That’s me in front of the kid.

The City Museum, St. Louis, MO

Yes, that’s a Ferris wheel on the roof. I don’t even ride them on the ground, so no.

Well, I could go on, but see the Flickr album if you want to see more. We didn’t even see half of the place.

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Cahokia Mounds, Part II

The weather improved greatly so our first stop on Thursday was Cahokia, where we climbed up Monks Mound. You could see St. Louis from the top. Cahokia was one of the greatest cities in the world at its time. Parts of its outlying villages continue to be found. It is a UNESCO World Heritage Site, but a state park, not a national park. Like all parks these days, it struggles from budget cuts but its museum displays were outstanding and the grounds beautifully maintained.

Cahokia Mounds

A mural of how the city may have looked inside the interpretative center.

Cahokia Mounds

“Monks Mound is the largest prehistoric earthwork in the Americas.” Click the photo to read the sign.

Cahokia Mounds

Looking up the stairway to the top of the first terrace.

Cahokia Mounds Historic Site

Looking down the stairs at the mounds across the road from the third terrace

Cahokia Mounds

View of a mound and a woodhenge, taken with a zoom. There is development all around the site and that appears to be a landfill in the background.

Cahokia Mounds

Zooming in on the view of St. Louis from the top.

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Road Trip to St. Louis, Part I

For our 28th (GACK!) wedding anniversary, we took a road trip from NC-Virginia-West Virginia-Kentucky-Indiana-Illinois to St. Louis, Missouri the week of May 17-23, 2015.

Most of our time was spent in Kentucky, southern Illinois, and St. Louis. We drove to Lexington, Kentucky on a Saturday afternoon, stopping at Tamarack in Beckley, West Virginia on the way, and spent two nights there. We watched the Mad Men finale the first night in the hotel (I am a big fan) and the next day we spent going to Berea and the studios and art galleries there. That night we went downtown in Lexington, which was a fine evening.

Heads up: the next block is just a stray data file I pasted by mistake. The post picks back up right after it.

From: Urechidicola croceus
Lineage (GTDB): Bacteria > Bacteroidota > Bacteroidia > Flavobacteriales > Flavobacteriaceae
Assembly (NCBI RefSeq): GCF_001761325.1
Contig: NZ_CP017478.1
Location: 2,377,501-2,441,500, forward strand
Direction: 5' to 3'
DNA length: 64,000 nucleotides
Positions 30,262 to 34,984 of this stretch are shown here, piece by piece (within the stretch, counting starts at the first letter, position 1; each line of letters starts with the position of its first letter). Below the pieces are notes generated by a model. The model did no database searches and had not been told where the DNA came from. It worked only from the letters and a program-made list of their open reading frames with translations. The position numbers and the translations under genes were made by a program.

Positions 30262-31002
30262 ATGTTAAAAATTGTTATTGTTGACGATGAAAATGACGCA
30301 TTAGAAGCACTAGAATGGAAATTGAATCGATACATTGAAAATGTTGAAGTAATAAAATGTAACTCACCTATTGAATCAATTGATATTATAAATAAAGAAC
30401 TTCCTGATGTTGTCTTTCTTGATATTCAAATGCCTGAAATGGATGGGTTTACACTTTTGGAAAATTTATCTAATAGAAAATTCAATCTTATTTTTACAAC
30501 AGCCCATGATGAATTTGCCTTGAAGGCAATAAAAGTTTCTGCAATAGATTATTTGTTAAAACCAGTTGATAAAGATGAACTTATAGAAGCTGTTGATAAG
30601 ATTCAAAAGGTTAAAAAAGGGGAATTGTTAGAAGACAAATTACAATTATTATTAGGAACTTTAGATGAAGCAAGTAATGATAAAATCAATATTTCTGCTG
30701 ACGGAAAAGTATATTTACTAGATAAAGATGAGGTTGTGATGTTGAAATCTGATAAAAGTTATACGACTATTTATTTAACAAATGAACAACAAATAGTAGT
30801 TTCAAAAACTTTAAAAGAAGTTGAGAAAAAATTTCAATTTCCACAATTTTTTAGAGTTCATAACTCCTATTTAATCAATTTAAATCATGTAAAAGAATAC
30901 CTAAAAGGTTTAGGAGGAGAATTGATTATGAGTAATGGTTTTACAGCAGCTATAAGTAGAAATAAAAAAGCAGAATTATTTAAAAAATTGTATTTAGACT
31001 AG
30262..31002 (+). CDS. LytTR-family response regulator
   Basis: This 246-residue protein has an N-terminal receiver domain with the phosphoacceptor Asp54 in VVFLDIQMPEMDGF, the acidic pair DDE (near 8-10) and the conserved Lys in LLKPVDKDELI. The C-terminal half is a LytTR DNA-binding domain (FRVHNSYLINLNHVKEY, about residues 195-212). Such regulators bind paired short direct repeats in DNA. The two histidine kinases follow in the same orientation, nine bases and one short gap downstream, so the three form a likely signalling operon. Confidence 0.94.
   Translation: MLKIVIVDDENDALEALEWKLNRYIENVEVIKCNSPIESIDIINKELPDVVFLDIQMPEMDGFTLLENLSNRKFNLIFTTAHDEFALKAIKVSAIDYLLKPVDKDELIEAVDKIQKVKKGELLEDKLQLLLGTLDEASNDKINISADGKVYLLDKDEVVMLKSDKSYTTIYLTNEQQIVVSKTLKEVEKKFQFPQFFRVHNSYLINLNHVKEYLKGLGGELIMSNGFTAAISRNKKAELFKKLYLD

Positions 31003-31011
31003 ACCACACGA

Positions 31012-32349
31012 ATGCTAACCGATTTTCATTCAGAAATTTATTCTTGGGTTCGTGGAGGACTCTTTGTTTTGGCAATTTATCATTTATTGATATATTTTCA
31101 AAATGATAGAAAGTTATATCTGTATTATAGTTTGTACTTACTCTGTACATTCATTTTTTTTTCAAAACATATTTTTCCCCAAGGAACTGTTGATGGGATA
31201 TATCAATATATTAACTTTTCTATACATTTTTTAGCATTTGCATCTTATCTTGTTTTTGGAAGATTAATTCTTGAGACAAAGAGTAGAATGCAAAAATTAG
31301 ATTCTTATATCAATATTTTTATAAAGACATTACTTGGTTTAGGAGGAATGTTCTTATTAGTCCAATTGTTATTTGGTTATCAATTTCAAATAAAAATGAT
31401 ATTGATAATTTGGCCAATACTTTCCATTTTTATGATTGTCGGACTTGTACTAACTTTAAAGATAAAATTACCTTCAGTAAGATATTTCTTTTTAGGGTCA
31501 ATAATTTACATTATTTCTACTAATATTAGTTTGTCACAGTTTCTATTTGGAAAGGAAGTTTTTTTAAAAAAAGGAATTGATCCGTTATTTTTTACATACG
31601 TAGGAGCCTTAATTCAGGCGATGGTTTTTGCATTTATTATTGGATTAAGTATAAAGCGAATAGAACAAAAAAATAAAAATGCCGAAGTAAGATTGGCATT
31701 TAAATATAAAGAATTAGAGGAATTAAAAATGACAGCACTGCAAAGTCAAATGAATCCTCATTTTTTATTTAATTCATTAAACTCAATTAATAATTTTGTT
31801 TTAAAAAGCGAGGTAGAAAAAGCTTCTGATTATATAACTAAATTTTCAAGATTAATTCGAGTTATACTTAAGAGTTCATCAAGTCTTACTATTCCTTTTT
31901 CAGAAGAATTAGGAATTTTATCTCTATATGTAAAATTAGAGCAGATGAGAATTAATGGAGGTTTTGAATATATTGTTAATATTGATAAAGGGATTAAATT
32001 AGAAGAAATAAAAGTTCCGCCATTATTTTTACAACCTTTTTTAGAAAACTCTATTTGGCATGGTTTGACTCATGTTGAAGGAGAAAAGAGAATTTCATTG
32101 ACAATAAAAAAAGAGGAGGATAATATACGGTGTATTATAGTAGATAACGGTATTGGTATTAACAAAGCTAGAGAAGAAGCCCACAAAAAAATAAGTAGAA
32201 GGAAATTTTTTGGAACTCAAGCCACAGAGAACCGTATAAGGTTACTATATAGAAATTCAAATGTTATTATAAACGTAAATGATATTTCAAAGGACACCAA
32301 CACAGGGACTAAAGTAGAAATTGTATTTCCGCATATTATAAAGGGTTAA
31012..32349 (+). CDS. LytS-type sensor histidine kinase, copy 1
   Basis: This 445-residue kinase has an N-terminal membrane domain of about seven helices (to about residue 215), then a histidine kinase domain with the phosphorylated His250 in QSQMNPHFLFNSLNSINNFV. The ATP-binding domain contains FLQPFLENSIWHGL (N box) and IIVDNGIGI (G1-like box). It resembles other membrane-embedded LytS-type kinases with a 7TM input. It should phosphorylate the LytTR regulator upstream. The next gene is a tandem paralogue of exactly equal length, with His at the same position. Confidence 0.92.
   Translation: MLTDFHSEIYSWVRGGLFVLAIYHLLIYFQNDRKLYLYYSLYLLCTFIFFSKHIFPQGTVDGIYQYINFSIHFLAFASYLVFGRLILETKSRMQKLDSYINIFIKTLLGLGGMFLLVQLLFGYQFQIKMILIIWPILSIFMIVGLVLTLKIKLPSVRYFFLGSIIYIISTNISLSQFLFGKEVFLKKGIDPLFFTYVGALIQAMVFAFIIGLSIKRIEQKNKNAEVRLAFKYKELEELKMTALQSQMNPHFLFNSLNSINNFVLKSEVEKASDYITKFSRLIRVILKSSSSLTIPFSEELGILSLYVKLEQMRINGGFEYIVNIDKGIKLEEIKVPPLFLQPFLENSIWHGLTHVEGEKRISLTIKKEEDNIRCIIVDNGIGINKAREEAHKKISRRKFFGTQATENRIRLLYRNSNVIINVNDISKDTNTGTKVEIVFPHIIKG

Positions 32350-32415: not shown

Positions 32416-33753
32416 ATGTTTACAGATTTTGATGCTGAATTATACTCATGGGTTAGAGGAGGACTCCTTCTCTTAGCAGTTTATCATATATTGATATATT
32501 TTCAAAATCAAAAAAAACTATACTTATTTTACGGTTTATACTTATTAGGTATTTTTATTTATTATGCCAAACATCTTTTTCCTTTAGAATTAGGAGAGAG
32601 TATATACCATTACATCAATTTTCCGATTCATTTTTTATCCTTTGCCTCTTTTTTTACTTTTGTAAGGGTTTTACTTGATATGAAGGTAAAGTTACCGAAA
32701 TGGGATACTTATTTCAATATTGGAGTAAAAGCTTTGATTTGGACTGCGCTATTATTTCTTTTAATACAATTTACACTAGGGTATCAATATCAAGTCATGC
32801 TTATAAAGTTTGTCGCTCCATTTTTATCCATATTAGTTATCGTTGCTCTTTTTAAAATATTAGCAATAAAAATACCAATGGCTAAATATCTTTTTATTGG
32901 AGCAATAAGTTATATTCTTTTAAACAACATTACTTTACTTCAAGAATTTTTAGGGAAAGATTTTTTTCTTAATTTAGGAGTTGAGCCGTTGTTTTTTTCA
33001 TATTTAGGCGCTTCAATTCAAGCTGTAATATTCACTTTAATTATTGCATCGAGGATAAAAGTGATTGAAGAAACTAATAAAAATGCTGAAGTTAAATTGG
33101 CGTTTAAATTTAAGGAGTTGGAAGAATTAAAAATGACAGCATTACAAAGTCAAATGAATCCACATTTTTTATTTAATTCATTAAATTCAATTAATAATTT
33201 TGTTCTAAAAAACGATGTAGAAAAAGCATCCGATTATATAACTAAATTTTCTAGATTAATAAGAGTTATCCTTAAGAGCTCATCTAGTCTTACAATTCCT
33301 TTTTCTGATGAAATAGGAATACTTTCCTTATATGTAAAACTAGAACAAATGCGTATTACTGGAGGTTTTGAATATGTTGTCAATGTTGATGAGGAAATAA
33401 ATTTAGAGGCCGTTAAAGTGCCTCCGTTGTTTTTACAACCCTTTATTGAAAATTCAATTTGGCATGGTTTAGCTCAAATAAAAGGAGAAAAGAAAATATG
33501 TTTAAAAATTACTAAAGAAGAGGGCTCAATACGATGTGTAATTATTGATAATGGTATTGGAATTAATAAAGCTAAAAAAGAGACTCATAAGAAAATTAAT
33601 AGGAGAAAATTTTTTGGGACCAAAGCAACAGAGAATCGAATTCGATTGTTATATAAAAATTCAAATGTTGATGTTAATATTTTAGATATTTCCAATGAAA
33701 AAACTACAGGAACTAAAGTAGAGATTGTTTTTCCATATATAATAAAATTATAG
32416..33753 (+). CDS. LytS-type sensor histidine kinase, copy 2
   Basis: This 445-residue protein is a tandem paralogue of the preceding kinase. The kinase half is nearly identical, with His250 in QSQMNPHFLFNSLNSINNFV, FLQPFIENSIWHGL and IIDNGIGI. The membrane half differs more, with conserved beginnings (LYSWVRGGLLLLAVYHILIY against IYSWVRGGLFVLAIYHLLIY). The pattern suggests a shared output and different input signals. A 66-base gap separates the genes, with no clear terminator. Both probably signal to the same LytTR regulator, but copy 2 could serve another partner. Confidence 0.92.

Tamarack, Beckley, WV

Tamarack, an arts and crafts center in Beckley, West Virginia

Berea, KY

The large weaving studio of Berea College

Lexington, KYLexington, KY
Downtown Lexington

On the way to Fairview Heights, Illinois, we stopped briefly at the Frazier Museum in Louisville, Kentucky. We had been talking about the Lewis and Clark Expedition, and there our questions were answered. As usual, I got distracted by geometry.

Louisville, KY

Louisville, KY

Louisville, Kentucky

Cahokia Mounds Historic Site has been on our radar for quite some time. Sandy and I like to visit ancient history sites when we vacation, and this one is one he has been talking about for years. It was the focus of the trip. That morning was unseasonably chilly and rainy, so we spent most of our time in the interpretative center at Cahokia Mounds, and then we took the train to Forest Park in St. Louis, where there is a cluster of museums and the zoo. We ate lunch in a nice restaurant at the top of the St. Louis History Museum, took that in, then took the trolley to the Science Center, which was closing and so we didn’t get a good impression of it. We went back to the hotel for a break, and it turned out that they had free drinks and food for the guests that night and it was quite good. So we ended up staying in.

St. Louis History Museum

Laurie in front of a replica of the Spirit of St. Louis.

St. Louis Science Center

Sandy compared to the tallest man in history.